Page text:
Wednesday, November 29, 2006

Cafe Guru

Fri 24 Nov 2006

Right back at the beginning of the month, we noted that John Longden had dropped into Cafe Guru in Brewery Wharf. And now we've finally got around to making it our turn!

Cafe Guru is opposite Oracle and is the latest incarnation of the original Cafe Guru in Chapel Allerton (now gone). It's a very different feel to that restaurant: it's a lot larger and has floor to ceiling windows - so in summer you can keep your eye on what else is going on around the area.

The first thing I noticed on Friday night was how unbelievably noisy the restaurant is. It's all hard surfaces (floor, windows, furnishings), and there is nothing to soak up the clatter and chatter. I was also struck by how comparatively empty the restaurant was. At about 8:30 on a Friday night I'd expect a restaurant like this to be packed.

We started off with a couple of Cobra beers (only small ones) and the compulsory poppadoms and pickles. The selection was small (only three, including mint chutney) but as the mint chutney was very good, I was prepared to overlook the lack of lime pickle (the others were mango and onion). As we were there quite late we overlooked starters and headed straight for the main courses.

I opted for a lamb turka. This is a curry of onions, ginger, citrus ... it's described on the menu as being very light, which isn't how I would describe it. The sauce was quite thick and very, very tasty, and really rather rich. I really enjoyed the dish, and it was quite different from your standard curry house curry. The portion was a good size, and it wasn't overly oily. At £7.90 it isn't going to win a prize for the cheapest curry in Leeds, but comes in at the OK value pricepoint.

I ordered a paratha to go with it - and I'm pleased to say that the parathas at Shabab remain king! Both Andy and I agreed that the Cafe Guru paratha was better than that at Darbar.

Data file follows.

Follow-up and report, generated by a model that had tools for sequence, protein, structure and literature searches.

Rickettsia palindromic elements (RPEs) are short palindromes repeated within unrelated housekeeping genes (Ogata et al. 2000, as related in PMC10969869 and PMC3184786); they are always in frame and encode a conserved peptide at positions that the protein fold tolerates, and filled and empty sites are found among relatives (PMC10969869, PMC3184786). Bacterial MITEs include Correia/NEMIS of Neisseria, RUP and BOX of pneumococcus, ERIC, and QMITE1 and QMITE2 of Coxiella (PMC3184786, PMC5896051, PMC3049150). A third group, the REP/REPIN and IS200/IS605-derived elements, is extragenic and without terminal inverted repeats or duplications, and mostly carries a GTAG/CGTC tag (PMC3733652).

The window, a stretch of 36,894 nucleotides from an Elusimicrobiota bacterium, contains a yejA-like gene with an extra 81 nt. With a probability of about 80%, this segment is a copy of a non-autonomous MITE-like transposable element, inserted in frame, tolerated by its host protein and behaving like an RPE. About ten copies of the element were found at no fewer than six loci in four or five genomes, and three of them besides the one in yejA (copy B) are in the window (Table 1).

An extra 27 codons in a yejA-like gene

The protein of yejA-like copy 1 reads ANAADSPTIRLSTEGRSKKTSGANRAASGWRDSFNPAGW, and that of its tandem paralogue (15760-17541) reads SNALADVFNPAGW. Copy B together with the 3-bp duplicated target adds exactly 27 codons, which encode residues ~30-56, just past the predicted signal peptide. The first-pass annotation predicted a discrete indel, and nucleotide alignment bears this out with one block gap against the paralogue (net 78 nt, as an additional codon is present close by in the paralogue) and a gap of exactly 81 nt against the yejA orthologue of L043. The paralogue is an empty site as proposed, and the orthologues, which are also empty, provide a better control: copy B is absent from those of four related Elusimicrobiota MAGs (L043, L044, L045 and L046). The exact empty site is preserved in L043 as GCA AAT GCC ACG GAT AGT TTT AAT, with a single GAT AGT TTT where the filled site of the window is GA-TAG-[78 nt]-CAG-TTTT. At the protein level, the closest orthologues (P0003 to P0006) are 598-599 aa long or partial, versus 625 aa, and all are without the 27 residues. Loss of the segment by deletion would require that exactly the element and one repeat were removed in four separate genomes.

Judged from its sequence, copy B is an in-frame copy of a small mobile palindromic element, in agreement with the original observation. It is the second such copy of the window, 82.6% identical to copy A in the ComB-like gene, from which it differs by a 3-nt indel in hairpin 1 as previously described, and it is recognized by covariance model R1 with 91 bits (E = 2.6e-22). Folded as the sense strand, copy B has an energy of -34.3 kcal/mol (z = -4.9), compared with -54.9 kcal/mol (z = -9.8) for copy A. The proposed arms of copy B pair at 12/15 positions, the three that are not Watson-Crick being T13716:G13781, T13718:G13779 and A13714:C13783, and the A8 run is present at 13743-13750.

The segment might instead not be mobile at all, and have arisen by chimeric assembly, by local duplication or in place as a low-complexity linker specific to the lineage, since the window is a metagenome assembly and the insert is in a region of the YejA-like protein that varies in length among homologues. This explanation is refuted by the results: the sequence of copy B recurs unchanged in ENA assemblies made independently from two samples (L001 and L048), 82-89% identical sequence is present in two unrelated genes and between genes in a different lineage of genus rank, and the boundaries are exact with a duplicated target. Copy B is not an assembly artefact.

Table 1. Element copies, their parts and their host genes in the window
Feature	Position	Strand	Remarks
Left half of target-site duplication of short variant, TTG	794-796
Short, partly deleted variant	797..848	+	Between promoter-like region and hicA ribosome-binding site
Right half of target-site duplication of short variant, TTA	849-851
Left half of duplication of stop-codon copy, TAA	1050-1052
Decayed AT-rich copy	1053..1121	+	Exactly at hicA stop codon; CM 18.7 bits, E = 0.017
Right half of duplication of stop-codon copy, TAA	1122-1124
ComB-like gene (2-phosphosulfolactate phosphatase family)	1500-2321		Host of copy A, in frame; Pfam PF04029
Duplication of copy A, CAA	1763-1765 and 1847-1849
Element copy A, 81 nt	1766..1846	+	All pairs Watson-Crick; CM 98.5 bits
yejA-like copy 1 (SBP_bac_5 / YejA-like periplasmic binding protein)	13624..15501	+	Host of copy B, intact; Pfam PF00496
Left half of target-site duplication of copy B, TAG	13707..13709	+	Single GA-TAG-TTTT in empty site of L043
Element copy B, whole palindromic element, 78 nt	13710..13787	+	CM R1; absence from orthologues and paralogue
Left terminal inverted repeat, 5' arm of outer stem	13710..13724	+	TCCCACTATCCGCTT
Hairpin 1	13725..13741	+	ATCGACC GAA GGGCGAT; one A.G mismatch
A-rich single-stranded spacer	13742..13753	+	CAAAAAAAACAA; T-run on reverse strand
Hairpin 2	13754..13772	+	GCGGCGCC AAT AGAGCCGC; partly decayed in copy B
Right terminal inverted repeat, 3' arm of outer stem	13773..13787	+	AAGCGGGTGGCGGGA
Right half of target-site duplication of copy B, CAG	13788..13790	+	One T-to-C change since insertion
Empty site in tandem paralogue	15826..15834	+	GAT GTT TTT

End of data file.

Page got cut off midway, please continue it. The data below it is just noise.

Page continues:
Disappointment of the evening, unfortunately, belonged to Andy, who ordered one of the 'specialities'. He chose 'badshah jhinga', described on the menu as king prawns in a chickpea batter with a tangy sweet chilli sauce. The serving looked tiny when it arrived at the table and he was quite disappointed as the sauce was more sweet and sour than 'tangy sweet chilli'. At £12.90 this is an expensive dish which neither of us felt lived up to its price tag or its description.

We also had a side order of dahl and one of rice. The dahl was very good, although I am tempted to put it a very close third to the Darbar's dahl (with Shabab's dahl makhni still miles out in front).

After drinks, the total bill came to almost £50. This was for 2 poppadoms, pickles, 5 (small) beers, 2 main courses, dahl, rice and bread. I really think that this is a bit expensive for a curry - especially when you compare it with the £30-odd spent at Darbar the week before, which left us feeling truly stuffed.

I also found the service a little bit distracted and impersonal. At one stage we were served by a waiter who was actually looking in a completely different direction while speaking to us! A couple of times we had trouble attracting attention - which is not a great sign as the restaurant clearly was not operating at full capacity.

One very cool aspect of the restaurant is the toilets! The sinks have very funky taps, which have a glass plate in the flow, to ensure that you don't get splashed and that you get an even distribution of water.

On reflection, I think that Cafe Guru is a good venue for groups. It's stylish and, depending on your choice of dish, the food can be interesting and not bad value - but it can also be expensive. It is quite noisy, so a large group adding to the noise will not be intrusive. I very definitely don't think that it's good date material, as you could end up feeling that it's too difficult to talk above the noise. And obviously, it's no good for ear-wigging on your neighbours' conversations!

1. Cafe Guru, 6 Brewery Pl, Leeds LS10 1NE, phone: 0113 2442255
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